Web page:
>: language only if its properties as a language make it poor.
>: Let's see the Dylan-based attackers deal with the actual
>: properties of the language rather than engaging in innuendo
>: about the design process.
>
>I can attack Common Lisp without defending Dylan.

I can attack Common Lisp too. Indeed, there are many things I
would rather were different. However, I've also found Common Lisp
to be a useful language, and many of the complaints we see on the
net get it wrong. For instance, you say:

> Common Lisp almost
>killed of lisp application development because i) the fact that it is
>such a fat language (thanks to all those proponents of {Mac, Inter,
>Franz, Zeta, Foo, Bar, ...}Lisp who wanted all their favourite
>features retained)

That's just false. Common Lisp is not a collection of favorite
features of random Lisp varieties. Common Lisp is very clearly
in the MacLisp branch of Lisp and is in line with the way that
branch was developing via LM-Lisp/ZetaLisp and various NILs.
If anything, it's a cleanup relative to ZetaLisp and MacLisp
(e.g. by having uniform scoping rules). Moreover, a number of
things that were in MacLisp or ZetaLisp were left out of Common
Lisp.

The "Common" in "Common Lisp" refers to commonality between various
MacLisp successors, not to all of Lisp. Indeed, the list of InterLisp
features that are not in Common Lisp is about as long as the list of
InterLisp features. (Where are the spaghetti stacks, DWIM, CLISP,
DEDIT, etc?) Franz Lisp, by the way, is basically MacLisp, and
there are no specifically Franz Lisp features in Common Lisp.

As for Foo, Bar, etc, tell me something that was put in Common Lisp
because of, say, PSL or Cambridge Lisp.

> combined with ii) the fact that all this fat
>functionality was not layered as a series of libraries included as and
>when you need them.

That much is ok, in part. But the implementations you usually
see are not the only ones possible. Common Lisp has been packaged
as a shared library (WCL), just for instance.

>The consequence of Common Lisp being defined as a
>ball of mud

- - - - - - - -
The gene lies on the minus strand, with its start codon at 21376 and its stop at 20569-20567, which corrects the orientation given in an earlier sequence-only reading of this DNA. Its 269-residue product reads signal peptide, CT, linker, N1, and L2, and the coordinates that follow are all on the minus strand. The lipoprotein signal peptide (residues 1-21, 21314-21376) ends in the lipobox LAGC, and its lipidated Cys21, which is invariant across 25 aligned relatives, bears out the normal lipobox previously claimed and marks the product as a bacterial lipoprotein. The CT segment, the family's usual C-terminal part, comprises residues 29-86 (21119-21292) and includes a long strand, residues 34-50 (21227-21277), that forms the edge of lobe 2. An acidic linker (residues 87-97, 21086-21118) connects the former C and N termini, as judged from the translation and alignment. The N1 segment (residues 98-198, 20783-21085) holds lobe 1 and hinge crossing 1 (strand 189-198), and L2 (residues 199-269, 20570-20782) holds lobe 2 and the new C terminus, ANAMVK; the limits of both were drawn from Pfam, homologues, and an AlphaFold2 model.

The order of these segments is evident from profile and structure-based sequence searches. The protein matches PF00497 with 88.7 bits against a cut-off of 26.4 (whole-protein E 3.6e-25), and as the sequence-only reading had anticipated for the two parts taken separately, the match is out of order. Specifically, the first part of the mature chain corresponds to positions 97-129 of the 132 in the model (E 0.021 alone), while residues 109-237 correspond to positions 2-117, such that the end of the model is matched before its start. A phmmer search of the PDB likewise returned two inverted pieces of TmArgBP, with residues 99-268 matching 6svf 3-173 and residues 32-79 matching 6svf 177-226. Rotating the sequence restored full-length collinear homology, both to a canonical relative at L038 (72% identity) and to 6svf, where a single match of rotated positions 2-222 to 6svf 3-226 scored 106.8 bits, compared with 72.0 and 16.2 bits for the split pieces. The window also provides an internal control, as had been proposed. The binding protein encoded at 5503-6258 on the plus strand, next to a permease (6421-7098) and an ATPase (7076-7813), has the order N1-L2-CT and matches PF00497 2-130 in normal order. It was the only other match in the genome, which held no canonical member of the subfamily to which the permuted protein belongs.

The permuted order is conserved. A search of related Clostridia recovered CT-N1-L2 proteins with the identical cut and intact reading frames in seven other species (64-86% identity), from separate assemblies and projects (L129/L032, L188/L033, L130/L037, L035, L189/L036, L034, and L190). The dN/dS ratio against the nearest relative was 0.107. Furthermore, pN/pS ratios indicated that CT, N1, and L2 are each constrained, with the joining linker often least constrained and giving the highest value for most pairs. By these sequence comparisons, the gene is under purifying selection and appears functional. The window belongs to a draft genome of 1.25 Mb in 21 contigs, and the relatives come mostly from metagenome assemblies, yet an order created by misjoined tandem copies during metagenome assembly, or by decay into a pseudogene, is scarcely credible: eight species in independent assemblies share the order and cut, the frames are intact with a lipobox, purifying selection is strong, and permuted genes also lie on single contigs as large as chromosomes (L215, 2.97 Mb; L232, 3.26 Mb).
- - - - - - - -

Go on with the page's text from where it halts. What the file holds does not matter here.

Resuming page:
You're either misunderstanding or misrepresenting how that phrase
is normally used. It does not mean everything is built-in rather
than in libraries. Indeed, for much of Lisp's history, a library
technology called autoloading was fairly common, as were libraries
that had to be explicitly requested (e.g. environment in Franz
Lisp).

> was that a full Common Lisp implementation required, circa
>1988, about 12 Mb of VMem before you even started defining your own
>functions.

Bull. I've used Common Lisp since 1985, and I've always been able
to use implementations that are smaller than that.

>C does not have these problems (remember that Unix Labs proverb
>'Language design is library design; and vice versa'). C++, with its
>current template technology does have such problems - templates are
>still a crock - but it's not as bad as the mess in Common Lisp.

I have less trouble w/ running out of swap space than the C++
programmers here do.

>Remember C may be a bitch to program it can be made to run lean and

>fast on cheap hardware [...] Common Lisp and


>CLOS may be better to program in, more elegant, safer, reusable
>etc. but it is never going to run lean and will only be fast on
>expensive hardware (don't quote me benchmarks for tak, think about
>cache/real memory residence and paging overheads)

It runs reasonably fast on my PC (given the speed of the PC).
If a 386 is expensive hardware, I wonder what you think is cheap.

>and will require use
>of either expensive or inexperienced programmers.

Sure, let's get rid of all the expensive programmers. Should
we kill them off or just let them die in the street once they
all lose their jobs?

-- jd

Harley Davis

unread,
Mar 10, 1995, 11:11:39 AM3/10/95
to

In article <D584q...@cee.hw.ac.uk> and...@cee.hw.ac.uk (Andrew Dinn) writes:

Right on, dude!

Fortunately, there are alternatives for those who like the
productivity and the parentheses but can't stand the size. Our
commercial product Ilog Talk has a minimum application overhead (on